Writing the Dark Side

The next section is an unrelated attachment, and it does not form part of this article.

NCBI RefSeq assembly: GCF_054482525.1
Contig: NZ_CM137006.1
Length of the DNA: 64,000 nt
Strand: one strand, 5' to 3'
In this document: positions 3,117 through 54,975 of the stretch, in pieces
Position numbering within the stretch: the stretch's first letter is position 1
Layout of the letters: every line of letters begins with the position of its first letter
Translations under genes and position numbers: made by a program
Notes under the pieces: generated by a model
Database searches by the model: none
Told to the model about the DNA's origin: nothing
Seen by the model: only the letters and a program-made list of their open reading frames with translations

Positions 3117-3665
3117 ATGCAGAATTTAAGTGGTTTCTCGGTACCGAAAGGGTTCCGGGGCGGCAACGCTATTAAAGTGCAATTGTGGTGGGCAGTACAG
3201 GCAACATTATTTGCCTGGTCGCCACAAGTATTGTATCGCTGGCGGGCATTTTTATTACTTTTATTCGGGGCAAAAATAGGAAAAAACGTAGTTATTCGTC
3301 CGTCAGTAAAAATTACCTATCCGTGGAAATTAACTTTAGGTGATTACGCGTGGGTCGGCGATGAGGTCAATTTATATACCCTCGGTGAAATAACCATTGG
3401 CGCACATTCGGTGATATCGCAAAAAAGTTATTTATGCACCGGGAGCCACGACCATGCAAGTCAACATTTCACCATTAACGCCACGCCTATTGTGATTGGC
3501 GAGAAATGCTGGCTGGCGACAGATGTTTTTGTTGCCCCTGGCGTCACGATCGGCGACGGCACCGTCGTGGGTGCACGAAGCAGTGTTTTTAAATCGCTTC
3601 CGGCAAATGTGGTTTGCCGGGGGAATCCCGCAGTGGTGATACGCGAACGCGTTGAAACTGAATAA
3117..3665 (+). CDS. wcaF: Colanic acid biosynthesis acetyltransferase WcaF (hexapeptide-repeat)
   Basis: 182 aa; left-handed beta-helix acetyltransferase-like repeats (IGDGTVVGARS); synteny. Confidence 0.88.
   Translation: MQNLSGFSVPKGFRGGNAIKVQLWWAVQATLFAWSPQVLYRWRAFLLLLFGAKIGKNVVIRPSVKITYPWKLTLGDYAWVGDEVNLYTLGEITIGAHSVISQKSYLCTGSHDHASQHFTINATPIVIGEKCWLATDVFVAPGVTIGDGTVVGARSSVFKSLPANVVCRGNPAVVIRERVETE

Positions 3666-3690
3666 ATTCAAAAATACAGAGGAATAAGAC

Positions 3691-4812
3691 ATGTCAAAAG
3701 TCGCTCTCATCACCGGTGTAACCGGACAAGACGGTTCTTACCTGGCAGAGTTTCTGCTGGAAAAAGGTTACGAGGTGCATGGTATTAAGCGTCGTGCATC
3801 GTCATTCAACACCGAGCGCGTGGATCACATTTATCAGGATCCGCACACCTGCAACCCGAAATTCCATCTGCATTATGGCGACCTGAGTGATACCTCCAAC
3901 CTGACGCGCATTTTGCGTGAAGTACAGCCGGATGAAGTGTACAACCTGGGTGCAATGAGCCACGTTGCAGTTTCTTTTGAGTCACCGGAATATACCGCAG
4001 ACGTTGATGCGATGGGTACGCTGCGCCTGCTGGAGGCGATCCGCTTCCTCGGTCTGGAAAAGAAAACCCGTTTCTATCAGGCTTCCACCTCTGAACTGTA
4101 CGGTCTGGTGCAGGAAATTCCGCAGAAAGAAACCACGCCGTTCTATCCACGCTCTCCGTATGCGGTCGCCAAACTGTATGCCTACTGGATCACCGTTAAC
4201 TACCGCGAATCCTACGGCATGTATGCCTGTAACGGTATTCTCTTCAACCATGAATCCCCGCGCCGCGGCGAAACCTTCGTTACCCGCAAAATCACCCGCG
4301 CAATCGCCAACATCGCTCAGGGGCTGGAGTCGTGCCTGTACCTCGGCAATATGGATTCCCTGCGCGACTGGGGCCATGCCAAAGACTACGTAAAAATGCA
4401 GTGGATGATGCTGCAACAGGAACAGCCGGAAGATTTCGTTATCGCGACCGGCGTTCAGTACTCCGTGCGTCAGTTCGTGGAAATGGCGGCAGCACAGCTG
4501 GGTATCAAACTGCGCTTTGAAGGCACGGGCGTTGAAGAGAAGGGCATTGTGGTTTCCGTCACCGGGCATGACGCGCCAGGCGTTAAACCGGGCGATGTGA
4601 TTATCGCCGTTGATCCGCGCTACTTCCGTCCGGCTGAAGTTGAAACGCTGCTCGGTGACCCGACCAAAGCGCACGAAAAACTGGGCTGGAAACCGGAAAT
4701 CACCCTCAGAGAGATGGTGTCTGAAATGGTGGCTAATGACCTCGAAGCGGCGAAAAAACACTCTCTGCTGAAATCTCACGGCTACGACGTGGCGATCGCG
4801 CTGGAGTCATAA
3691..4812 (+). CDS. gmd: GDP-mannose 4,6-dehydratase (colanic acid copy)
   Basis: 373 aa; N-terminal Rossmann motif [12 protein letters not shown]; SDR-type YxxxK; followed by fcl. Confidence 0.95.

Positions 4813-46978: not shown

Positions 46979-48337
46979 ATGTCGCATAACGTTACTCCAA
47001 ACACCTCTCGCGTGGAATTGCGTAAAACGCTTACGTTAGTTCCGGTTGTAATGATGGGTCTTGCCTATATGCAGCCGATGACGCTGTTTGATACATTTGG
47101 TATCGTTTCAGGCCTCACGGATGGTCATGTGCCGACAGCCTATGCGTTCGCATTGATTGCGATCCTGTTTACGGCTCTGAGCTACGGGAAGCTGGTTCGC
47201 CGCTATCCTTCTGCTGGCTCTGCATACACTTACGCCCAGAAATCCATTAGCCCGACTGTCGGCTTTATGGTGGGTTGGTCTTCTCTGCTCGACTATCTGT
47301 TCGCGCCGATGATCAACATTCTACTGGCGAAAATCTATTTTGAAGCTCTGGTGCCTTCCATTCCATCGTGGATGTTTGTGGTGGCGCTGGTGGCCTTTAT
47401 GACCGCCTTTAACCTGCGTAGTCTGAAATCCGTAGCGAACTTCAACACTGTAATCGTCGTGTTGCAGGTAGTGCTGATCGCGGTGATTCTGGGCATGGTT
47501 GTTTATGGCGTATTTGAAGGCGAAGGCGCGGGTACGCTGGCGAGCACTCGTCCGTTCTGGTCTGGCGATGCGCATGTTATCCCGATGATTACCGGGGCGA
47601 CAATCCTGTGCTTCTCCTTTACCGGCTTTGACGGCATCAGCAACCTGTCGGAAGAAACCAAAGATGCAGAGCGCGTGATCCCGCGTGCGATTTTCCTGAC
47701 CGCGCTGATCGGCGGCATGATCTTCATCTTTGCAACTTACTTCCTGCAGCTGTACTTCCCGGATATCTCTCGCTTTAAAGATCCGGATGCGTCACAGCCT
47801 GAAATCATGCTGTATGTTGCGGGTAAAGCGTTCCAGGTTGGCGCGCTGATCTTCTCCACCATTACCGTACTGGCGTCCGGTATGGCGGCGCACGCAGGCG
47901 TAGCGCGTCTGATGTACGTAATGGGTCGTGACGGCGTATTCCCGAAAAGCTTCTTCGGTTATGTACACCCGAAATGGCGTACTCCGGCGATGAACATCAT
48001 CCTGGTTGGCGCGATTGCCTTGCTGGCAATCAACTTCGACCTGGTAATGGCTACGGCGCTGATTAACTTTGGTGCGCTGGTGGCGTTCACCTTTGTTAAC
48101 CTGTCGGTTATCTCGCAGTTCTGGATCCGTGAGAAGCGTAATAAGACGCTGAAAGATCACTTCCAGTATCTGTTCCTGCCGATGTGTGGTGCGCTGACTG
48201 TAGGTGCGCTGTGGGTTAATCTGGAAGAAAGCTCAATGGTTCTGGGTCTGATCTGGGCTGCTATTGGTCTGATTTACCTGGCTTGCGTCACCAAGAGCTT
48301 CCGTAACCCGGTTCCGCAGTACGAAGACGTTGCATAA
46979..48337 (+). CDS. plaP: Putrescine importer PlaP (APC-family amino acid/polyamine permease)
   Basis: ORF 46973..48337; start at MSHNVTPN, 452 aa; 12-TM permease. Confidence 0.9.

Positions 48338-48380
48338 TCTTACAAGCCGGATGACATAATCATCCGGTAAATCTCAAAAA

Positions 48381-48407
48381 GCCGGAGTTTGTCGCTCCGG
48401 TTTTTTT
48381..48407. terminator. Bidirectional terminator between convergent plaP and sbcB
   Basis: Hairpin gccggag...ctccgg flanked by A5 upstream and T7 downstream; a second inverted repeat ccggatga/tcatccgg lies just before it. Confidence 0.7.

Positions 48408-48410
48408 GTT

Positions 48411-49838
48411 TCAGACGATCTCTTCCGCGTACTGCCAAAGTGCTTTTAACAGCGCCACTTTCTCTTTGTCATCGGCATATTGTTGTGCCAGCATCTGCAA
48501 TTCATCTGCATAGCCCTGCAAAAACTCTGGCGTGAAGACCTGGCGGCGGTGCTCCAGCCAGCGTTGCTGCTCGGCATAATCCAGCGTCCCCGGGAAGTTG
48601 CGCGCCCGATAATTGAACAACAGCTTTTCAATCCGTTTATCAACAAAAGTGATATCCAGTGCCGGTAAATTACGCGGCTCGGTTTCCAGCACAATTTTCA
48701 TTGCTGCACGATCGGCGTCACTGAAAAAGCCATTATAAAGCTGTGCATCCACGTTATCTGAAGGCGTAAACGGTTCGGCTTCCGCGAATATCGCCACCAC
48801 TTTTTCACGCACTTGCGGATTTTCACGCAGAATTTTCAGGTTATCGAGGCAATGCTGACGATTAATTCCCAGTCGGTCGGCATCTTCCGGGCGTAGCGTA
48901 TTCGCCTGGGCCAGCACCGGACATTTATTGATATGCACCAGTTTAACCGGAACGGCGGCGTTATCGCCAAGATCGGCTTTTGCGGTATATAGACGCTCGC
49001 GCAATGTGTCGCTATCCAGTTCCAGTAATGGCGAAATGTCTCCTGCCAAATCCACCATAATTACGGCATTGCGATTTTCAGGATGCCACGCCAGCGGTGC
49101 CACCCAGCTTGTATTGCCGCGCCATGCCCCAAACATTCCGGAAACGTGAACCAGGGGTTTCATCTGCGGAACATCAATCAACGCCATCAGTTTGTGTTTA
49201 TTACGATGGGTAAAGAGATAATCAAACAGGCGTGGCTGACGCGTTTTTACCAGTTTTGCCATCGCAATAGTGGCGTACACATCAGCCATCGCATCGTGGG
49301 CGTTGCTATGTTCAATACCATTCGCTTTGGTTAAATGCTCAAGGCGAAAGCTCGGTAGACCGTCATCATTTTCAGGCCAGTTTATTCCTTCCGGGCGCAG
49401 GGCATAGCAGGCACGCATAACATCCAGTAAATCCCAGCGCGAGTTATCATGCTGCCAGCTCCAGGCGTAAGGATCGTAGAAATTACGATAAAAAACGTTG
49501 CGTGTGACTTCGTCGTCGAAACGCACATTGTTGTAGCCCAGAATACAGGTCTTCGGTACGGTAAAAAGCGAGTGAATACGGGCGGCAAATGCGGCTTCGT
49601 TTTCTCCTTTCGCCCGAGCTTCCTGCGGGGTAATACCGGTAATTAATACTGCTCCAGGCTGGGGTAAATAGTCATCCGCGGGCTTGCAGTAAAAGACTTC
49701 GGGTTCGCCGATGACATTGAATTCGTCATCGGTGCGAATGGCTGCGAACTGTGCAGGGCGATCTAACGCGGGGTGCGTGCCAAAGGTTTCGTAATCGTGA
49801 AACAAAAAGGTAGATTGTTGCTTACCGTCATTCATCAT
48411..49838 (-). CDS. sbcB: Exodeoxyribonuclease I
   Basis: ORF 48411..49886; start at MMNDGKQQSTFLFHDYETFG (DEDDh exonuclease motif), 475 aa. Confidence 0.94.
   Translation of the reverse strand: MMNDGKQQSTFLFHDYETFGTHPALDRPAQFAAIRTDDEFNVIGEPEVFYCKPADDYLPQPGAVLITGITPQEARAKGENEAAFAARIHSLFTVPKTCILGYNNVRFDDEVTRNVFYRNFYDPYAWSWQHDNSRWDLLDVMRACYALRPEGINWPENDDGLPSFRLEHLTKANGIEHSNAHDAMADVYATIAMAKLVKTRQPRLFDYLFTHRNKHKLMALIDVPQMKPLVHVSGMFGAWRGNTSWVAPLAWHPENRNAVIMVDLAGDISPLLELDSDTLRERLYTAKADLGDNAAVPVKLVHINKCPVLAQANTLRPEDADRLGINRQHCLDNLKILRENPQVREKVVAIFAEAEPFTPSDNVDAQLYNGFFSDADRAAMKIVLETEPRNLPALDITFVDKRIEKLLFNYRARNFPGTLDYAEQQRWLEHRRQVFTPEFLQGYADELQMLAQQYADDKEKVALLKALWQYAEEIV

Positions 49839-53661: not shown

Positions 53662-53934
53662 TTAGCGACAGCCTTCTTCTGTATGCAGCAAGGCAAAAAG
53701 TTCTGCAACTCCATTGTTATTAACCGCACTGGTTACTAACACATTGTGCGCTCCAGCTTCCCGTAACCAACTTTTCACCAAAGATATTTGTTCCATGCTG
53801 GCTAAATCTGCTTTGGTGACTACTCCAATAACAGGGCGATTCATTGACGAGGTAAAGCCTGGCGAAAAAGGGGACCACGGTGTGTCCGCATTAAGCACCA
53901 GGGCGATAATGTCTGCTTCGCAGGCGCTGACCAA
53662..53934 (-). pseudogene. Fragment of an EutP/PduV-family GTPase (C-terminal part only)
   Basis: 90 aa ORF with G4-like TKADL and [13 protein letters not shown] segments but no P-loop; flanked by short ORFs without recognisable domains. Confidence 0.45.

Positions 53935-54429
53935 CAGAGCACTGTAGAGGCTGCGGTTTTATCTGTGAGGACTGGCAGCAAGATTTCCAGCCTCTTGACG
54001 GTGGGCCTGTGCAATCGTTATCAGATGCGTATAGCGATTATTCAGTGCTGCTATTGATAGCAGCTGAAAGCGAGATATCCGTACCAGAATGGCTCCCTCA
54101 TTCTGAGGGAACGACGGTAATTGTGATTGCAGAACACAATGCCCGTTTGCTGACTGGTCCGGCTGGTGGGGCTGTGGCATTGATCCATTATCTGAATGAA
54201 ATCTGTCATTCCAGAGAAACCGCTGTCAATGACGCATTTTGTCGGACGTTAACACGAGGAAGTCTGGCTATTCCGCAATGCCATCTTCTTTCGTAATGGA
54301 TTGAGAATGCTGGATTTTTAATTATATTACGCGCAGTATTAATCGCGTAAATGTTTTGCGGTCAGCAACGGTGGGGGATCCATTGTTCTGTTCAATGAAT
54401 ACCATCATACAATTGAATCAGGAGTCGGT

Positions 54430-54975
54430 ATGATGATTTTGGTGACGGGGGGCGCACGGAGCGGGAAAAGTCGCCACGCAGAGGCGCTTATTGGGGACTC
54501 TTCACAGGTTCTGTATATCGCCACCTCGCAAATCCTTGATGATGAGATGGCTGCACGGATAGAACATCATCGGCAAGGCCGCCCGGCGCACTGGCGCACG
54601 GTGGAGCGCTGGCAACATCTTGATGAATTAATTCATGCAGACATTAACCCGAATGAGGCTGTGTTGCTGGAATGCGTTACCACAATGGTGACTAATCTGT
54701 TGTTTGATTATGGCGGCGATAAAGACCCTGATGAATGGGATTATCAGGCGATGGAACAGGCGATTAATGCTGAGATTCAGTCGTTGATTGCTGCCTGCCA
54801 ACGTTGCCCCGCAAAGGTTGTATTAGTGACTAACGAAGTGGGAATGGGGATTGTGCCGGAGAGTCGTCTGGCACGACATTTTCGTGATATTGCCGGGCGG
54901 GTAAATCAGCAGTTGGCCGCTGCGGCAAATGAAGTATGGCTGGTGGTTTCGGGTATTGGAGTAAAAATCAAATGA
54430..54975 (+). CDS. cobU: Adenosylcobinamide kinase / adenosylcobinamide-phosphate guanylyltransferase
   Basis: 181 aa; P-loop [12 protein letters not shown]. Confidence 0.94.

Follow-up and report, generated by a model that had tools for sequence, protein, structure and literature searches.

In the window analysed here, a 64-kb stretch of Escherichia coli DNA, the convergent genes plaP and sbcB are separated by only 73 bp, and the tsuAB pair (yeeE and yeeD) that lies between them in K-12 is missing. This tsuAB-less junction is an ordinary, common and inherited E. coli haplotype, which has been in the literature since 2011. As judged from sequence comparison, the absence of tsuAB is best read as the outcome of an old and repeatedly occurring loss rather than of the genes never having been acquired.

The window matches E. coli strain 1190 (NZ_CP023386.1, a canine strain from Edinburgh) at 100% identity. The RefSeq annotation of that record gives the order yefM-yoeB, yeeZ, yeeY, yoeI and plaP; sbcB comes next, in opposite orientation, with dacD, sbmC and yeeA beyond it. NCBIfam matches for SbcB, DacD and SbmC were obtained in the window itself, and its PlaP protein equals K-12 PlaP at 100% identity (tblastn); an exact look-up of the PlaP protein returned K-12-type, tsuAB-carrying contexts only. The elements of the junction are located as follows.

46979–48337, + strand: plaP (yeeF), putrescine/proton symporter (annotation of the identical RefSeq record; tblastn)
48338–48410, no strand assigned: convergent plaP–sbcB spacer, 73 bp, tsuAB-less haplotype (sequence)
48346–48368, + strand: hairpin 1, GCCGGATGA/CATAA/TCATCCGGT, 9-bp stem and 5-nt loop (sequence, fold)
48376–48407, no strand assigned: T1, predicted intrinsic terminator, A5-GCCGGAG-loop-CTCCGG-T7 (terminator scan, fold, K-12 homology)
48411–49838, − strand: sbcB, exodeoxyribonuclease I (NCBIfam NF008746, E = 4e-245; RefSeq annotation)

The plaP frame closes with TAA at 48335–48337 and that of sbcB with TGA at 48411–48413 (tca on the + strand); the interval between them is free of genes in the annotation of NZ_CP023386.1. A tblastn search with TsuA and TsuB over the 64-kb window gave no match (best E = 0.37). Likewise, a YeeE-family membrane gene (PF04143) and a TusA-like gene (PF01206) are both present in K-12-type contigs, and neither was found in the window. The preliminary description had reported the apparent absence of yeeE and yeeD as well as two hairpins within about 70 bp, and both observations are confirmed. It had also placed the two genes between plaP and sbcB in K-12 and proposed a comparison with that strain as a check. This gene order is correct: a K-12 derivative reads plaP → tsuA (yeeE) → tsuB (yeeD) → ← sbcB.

Flaubert once said that we should be ordinary in our lives so that we may be violent and wild in our imaginations. This class is designed for that purpose—to allow your dark side to run wild. What is the purpose of fiction if not to unlock the secrets of the human heart. To paraphrase the crime writer Kate Atkinson, we write these stories not in order to solve the puzzle of crimes but to solve the problem of being alive. From the Bible to Brett Easton Ellis, murder has intrigued. Mysteries perplex. And human behavior can be stranger than anything that you could make up. In this course, you get to dip into your own Jeckyl and Hyde. But, while the content of this course is to probe the darkness, the primary goal—and, in some ways, the only goal—is the writing. We will write stories and workshop them. Prompts will be designed and discussions will focus on character, plot, language. The writing is essential, because we wouldn’t read Ray Bradbury or Joyce Carol Oates as we do if they weren’t written by great writers. We’ll read tales from the dark side, starting with Cain and Abel and then on to Shakespeare’s MacBeth, Poe, Sir Conan Doyle’s Sherlock, Kafka, John Fowles, Joyce Carol Oates, Ray Bradbury, Stephen King, and mystery writers such as Raymond Chandler, Agatha Christie, and Kate Atkinson. We will perhaps read James Ellroy’s Black Dahlia, along with the memoir that he wrote about the murder of his own mother, My Dark Places. We’ll dip into the world of “noir” and write stories from our own dark places while learning the essentials of fiction writing. Not for the faint hearted. You will compile a collection of your stories by the year’s end. Prerequisite: Previous fiction-writing experience.